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The pink, white and blues

Valentine's Day all about you?

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Valentine’s Day is a celebration of love, and the message from the Canadian Mental Health Association this year is that it’s okay to love yourself.

According the CMHA it’s not uncommon for single people to experience feelings of sadness, loneliness and inadequacy around Valentine’s Day. There are no statistics, but one European poll found that one in 10 young adults were depressed around Valentine’s, while over 40 per cent feel negatively or indifferent about Valentine’s Day.

"I think there’s a greater recognition out there not everyone matches the ideal, that there are people who are lonely and struggling in your life that are having some harder emotions at this time of year," said Sarah Hamid-Balma, of the Canadian Mental Health Association, B.C. Division.

To help people cope with the stress of Valentine’s Day, the CMHA has put together a list of suggestions. The focus this year, says Hamid-Balma, is on celebrating yourself.

"On Valentine’s Day there’s a lot of focus on being in a couple and romantic relationships, we decided to focus on taking care of yourself – whether spending the time reconnecting with friends and family, or spending the day at a spa," she said. "The community you live in also has a role to play as well – it’s important to recognize that some people in your life may be feeling down, and in need of some cheering up."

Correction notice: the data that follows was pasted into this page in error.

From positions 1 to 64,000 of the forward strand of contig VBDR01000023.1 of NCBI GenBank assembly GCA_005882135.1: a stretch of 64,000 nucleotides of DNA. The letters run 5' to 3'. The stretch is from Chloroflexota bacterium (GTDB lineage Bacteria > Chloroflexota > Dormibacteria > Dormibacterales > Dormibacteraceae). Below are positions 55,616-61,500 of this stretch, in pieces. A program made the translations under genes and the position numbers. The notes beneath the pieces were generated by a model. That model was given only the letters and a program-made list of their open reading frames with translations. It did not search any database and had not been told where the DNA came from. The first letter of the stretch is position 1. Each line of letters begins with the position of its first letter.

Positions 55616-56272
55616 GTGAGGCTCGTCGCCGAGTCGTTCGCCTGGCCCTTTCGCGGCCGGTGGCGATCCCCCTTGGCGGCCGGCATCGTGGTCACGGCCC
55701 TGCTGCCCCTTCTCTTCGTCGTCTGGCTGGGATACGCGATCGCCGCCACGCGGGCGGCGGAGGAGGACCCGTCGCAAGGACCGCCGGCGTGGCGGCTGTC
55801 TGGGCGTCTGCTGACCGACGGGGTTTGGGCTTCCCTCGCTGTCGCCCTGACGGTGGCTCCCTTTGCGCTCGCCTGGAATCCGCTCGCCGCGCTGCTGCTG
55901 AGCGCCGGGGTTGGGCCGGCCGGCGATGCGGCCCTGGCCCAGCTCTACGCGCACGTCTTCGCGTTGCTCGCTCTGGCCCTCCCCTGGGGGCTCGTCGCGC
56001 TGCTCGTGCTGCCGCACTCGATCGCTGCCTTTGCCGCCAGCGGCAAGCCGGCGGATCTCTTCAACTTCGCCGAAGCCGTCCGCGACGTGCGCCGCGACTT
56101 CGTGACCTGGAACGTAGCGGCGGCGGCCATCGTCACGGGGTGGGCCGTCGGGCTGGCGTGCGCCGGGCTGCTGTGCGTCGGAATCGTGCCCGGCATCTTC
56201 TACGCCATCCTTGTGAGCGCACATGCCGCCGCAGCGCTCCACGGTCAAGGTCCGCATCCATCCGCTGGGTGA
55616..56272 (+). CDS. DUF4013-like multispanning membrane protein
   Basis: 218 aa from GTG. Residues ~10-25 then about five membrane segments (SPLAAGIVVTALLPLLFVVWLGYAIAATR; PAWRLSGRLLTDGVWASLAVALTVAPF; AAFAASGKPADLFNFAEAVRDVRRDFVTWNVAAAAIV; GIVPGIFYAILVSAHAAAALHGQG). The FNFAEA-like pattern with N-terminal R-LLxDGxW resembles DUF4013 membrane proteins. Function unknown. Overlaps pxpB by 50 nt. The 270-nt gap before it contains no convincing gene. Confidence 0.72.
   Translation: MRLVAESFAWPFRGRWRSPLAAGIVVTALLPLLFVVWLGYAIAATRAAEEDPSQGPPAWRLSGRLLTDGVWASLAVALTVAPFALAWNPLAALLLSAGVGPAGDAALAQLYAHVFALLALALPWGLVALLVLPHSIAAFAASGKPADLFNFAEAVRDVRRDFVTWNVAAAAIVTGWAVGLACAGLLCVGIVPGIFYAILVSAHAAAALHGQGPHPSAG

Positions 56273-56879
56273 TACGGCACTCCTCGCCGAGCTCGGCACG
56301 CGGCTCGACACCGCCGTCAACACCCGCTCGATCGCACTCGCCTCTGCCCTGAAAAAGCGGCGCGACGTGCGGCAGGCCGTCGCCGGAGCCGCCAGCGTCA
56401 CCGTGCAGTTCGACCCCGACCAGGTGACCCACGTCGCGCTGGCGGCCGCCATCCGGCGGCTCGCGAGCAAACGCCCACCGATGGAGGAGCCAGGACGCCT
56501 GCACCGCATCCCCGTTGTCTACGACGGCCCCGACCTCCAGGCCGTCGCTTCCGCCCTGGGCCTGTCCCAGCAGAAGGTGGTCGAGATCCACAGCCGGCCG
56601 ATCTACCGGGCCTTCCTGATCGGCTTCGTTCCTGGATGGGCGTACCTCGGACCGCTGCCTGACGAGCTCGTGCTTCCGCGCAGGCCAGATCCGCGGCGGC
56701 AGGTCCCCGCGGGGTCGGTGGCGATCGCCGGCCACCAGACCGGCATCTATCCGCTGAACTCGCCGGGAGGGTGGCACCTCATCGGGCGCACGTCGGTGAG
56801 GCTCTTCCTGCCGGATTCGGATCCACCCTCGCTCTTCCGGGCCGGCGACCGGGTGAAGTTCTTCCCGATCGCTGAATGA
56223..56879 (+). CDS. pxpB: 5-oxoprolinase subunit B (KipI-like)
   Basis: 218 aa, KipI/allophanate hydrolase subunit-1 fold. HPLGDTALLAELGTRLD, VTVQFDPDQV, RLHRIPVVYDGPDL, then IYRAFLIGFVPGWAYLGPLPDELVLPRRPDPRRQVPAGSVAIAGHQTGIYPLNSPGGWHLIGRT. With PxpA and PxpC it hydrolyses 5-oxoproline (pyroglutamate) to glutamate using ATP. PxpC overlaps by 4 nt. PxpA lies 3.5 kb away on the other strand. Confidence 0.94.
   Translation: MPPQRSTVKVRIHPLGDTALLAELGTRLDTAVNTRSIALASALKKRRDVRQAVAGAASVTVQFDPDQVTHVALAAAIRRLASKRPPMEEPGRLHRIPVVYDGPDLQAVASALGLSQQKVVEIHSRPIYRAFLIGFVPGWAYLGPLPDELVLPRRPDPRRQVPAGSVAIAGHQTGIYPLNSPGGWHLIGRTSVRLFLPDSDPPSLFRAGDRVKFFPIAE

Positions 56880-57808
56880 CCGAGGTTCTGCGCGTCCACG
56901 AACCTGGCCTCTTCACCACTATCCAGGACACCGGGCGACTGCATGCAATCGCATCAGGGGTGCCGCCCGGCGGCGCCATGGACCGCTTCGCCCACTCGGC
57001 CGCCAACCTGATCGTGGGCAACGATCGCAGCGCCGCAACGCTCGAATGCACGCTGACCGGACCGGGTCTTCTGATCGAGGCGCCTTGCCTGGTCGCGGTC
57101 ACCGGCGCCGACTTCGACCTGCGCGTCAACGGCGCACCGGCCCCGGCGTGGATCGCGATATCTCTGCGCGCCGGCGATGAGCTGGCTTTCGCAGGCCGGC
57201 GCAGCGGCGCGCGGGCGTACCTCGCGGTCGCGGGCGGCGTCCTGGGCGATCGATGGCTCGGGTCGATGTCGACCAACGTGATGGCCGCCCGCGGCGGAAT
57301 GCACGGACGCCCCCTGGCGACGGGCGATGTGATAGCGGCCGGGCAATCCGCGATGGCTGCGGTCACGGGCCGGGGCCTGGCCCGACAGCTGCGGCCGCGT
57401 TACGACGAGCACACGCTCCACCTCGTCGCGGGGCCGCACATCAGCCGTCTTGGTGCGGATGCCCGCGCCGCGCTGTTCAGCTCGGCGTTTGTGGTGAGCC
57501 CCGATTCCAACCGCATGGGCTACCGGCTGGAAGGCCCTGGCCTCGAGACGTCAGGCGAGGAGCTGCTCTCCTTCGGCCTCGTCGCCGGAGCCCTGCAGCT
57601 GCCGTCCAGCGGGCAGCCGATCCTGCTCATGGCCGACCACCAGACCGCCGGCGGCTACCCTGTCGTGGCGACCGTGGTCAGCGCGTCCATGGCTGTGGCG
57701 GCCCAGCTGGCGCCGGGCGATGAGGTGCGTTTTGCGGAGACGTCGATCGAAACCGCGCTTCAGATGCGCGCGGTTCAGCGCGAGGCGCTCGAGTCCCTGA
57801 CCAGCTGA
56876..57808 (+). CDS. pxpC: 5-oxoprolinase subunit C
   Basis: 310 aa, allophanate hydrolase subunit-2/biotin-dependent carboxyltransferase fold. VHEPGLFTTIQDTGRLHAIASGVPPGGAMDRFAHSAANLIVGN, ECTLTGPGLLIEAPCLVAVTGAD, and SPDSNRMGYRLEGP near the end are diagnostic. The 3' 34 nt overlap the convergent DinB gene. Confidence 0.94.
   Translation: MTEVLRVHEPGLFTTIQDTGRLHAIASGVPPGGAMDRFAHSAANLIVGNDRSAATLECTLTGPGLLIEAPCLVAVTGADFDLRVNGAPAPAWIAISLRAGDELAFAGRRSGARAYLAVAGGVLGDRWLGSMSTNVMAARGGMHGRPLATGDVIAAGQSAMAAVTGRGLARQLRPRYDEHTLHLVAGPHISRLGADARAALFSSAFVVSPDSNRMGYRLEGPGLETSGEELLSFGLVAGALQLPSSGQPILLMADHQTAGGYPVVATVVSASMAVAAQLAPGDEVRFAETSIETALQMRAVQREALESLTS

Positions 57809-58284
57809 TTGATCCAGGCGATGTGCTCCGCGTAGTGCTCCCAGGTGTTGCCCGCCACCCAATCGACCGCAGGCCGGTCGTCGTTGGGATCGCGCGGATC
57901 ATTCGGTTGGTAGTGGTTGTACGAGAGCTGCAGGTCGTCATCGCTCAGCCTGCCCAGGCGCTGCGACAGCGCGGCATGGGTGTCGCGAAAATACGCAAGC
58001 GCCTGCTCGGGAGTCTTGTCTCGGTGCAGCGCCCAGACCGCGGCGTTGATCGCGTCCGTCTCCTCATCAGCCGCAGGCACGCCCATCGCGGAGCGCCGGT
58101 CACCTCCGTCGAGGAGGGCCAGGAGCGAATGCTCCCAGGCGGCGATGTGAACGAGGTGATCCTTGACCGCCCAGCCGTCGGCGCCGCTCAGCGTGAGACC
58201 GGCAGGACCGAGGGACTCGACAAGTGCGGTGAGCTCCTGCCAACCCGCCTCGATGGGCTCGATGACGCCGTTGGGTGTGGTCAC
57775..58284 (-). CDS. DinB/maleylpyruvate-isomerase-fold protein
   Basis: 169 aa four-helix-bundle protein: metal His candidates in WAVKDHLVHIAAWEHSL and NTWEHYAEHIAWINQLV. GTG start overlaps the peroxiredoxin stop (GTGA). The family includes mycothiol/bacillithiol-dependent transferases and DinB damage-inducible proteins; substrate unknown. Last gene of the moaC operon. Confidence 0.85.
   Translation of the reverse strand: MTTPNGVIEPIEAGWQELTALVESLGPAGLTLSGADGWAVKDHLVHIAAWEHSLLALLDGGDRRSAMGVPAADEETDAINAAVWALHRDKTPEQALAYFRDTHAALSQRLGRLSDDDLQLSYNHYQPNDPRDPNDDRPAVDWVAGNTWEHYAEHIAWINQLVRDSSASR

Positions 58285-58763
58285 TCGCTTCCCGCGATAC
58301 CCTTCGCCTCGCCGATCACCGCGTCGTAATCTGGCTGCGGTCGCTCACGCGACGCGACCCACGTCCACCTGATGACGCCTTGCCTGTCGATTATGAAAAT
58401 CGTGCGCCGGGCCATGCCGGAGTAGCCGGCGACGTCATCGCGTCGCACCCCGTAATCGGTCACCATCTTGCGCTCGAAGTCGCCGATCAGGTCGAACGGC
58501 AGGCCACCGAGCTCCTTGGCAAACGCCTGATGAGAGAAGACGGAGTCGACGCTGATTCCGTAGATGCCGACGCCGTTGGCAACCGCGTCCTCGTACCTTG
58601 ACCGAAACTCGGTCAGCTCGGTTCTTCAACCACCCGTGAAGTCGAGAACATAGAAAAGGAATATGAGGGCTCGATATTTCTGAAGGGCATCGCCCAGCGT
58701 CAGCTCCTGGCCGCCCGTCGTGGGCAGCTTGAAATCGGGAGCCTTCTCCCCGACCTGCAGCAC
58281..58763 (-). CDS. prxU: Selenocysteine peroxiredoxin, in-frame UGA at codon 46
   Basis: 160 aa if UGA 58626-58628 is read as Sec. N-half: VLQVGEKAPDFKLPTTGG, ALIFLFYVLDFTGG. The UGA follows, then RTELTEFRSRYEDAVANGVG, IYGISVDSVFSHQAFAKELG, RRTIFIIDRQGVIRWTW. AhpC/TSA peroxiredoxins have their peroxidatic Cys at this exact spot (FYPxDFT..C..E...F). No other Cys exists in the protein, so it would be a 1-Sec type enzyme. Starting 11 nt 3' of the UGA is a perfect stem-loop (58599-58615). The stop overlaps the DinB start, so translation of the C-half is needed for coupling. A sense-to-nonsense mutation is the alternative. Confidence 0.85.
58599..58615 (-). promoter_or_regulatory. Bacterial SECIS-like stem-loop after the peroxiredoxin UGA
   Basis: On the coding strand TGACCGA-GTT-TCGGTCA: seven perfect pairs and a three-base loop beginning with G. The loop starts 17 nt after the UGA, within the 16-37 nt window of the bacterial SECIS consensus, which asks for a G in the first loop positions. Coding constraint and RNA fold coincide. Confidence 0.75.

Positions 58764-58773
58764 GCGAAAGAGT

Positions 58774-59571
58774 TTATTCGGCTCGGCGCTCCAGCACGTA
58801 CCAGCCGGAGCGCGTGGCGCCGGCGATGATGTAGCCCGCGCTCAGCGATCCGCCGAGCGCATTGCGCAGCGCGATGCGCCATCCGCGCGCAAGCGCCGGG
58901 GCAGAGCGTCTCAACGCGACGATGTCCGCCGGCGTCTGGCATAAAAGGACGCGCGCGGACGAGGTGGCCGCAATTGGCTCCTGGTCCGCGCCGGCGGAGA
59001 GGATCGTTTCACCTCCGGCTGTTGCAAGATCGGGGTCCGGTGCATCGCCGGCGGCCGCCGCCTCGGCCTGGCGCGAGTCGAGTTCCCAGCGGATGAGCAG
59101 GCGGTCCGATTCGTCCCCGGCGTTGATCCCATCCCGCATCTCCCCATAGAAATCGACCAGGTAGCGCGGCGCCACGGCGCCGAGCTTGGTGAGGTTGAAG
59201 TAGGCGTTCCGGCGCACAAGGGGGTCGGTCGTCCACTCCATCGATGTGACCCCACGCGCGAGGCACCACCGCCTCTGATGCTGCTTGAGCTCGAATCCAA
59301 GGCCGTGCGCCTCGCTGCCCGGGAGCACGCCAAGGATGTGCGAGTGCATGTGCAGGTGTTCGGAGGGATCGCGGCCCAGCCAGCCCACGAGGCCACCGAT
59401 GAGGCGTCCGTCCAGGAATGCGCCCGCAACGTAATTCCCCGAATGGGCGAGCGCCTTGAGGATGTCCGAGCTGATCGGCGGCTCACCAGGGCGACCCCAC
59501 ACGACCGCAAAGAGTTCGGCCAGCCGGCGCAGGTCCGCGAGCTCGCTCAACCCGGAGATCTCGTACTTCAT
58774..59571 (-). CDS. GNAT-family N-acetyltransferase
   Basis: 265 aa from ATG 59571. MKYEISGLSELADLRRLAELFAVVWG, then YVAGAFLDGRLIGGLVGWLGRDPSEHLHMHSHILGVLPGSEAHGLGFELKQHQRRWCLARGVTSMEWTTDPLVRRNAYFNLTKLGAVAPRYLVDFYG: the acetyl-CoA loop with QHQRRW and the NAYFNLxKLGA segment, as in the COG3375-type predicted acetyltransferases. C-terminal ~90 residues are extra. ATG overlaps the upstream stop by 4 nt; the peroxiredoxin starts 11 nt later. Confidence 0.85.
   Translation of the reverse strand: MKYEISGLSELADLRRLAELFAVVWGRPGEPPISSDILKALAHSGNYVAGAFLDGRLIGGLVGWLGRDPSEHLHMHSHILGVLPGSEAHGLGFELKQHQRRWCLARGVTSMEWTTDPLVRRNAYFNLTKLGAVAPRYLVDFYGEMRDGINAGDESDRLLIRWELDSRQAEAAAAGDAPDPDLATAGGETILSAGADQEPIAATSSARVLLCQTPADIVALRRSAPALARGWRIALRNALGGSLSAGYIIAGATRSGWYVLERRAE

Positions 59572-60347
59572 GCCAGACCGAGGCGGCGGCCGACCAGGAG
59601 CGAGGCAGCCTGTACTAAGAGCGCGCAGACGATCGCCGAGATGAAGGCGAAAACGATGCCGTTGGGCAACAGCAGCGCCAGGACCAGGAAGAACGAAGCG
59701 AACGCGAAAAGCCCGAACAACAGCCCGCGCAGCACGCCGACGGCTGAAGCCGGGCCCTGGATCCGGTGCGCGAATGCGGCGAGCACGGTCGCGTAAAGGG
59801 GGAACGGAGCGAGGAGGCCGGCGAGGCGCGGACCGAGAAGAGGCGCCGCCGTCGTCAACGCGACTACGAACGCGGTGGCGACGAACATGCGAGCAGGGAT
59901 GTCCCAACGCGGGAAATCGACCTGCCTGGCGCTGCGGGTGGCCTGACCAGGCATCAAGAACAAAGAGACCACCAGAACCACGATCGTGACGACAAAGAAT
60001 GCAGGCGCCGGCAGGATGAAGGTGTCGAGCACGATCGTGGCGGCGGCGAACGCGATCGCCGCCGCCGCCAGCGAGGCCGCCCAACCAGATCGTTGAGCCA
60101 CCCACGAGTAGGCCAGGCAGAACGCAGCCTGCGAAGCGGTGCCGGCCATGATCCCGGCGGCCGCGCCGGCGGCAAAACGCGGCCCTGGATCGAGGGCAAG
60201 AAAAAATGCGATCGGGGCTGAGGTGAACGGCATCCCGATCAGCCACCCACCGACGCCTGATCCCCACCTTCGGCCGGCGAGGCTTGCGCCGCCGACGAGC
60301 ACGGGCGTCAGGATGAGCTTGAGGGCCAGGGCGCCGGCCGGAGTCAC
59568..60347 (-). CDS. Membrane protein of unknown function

The list of suggestions are mostly based on common sense, as well as research and mental health best practices.

• Take time to appreciate the most important person in your life – you. Make a list of everything you have going for you and post it on your fridge. Treat yourself to something: a movie (no romances!), a day at the spa, a trip to the museum, a sporting event, or even just a relaxing day at home with a good book and no chores.

• Being single can be fun. Throw a singles-only party or attend one someone else is having. Or just hang out with friends and do something fun. You’re not the only unattached one out there.

• Remember that lovers may come and go, but good friends and family are around forever. Call up pals just to say hi and go out for lunch or dinner. Tell your parents you love them. Buy something nice for your dog. Reach out to someone you love who might need your attention. Reminding people they matter reminds yourself that you do, too.

• Send Valentine cards. Revive the ancient schoolyard tradition and send silly cards to old friends you haven’t talked to in years, new friends you’d like to know better, your neighbours and your family. Hand some out to strangers on the street and slip anonymous ones into mailboxes.

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